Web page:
After about an hour with this awesome feature, we continued offshore.  
Black-capped Petrels were super cooperative and we had more than we've seen on the past couple of trips.  Cory's, Sooties, and Audubon's Shearwaters all showed well and made some nice passes in good light!  A little before 1100 George and I were in the stern and he spotted a Trindade Petrel rocketing across the slick!  It was on a mission and did not come any closer to the Stormy Petrel II, a number of participants did catch a glimpse of this much sought after gadfly petrel.  A little after 1100 Andrew spotted a skua heading toward the boat - it came in close enough to see it was a South Polar - and then it flew directly away.  Not nearly as cooperative as our three yesterday!  Leach's Storm-Petrels were cooperative for us while Band-rumpeds were not, and we had close and excellent views of these large stormies as they flew around the boat and fed at point blank range for us.
Thanks to everyone who joined us out there today and thanks to the SBC who joined us for four trips this spring, you'll have to try again for the White-tailed Tropicbird and Cahow!  We look forward to having you back!  Thank you also to George Armistead and Andrew Rapp for helping Brian and I lead the trip today.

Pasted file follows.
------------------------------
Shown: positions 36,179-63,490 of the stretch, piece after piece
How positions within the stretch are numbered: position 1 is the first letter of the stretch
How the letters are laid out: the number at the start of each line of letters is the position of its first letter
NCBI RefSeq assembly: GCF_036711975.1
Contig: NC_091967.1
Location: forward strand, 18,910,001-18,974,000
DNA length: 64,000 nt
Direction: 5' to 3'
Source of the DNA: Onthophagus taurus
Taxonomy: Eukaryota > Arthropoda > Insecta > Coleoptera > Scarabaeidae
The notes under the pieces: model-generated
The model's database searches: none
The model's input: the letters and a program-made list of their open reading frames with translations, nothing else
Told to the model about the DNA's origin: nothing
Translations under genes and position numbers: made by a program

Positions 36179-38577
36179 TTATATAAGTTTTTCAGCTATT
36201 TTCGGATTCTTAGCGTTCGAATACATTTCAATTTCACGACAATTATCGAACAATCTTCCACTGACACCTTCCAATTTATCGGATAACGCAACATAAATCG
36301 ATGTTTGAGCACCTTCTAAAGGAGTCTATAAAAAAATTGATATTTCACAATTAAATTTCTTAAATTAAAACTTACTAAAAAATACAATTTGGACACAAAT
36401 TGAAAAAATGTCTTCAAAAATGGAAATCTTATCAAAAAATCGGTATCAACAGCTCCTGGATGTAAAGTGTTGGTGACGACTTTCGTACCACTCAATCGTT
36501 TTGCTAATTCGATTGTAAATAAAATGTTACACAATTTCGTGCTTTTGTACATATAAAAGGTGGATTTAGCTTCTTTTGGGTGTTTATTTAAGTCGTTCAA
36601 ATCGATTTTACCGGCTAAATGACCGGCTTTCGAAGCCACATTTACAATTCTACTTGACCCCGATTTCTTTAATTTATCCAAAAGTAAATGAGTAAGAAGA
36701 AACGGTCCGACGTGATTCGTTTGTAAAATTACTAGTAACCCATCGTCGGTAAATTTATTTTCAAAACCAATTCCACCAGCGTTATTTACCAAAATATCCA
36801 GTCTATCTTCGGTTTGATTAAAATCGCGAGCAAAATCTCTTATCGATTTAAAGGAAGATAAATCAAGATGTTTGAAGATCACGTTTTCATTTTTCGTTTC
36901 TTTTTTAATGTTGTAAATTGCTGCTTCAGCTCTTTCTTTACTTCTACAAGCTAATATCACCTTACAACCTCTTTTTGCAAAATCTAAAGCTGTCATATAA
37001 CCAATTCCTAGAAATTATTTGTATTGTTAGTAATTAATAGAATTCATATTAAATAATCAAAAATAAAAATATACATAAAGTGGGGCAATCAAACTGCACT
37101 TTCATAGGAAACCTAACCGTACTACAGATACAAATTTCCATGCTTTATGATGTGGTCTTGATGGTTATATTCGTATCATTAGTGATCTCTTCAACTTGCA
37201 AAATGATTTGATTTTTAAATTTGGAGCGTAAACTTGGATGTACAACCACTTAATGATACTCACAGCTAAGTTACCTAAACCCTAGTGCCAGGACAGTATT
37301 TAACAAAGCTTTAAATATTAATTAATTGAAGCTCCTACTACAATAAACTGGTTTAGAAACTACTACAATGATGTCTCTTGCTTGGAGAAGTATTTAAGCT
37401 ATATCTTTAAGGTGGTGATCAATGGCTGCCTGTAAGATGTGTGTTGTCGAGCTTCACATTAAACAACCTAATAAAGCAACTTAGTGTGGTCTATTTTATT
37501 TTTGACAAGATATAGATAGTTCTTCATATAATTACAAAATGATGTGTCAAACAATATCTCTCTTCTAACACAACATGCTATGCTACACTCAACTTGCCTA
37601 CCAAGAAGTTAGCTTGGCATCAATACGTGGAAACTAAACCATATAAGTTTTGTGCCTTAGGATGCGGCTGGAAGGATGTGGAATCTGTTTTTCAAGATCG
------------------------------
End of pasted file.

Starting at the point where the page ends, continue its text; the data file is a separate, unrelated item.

*all photos today are by myself, Kate

Species List for May 27, 2021
Trindade Petrel - 1
Black-capped Petrel - 33 to 35
Cory's Shearwater - 36 to 37
Cory's / Scopoli's Shearwater - 3
Great Shearwater - 2
Sooty Shearwater - 13 to 15
Audubon's Shearwater - 19 to 20
Wilson's Storm-Petrel - 150 to 180
Leach's Storm-Petrel - 3 to 4
Band-rumped Storm-Petrel - 2
Bridled Tern - 3
Bridled / Sooty Tern - 1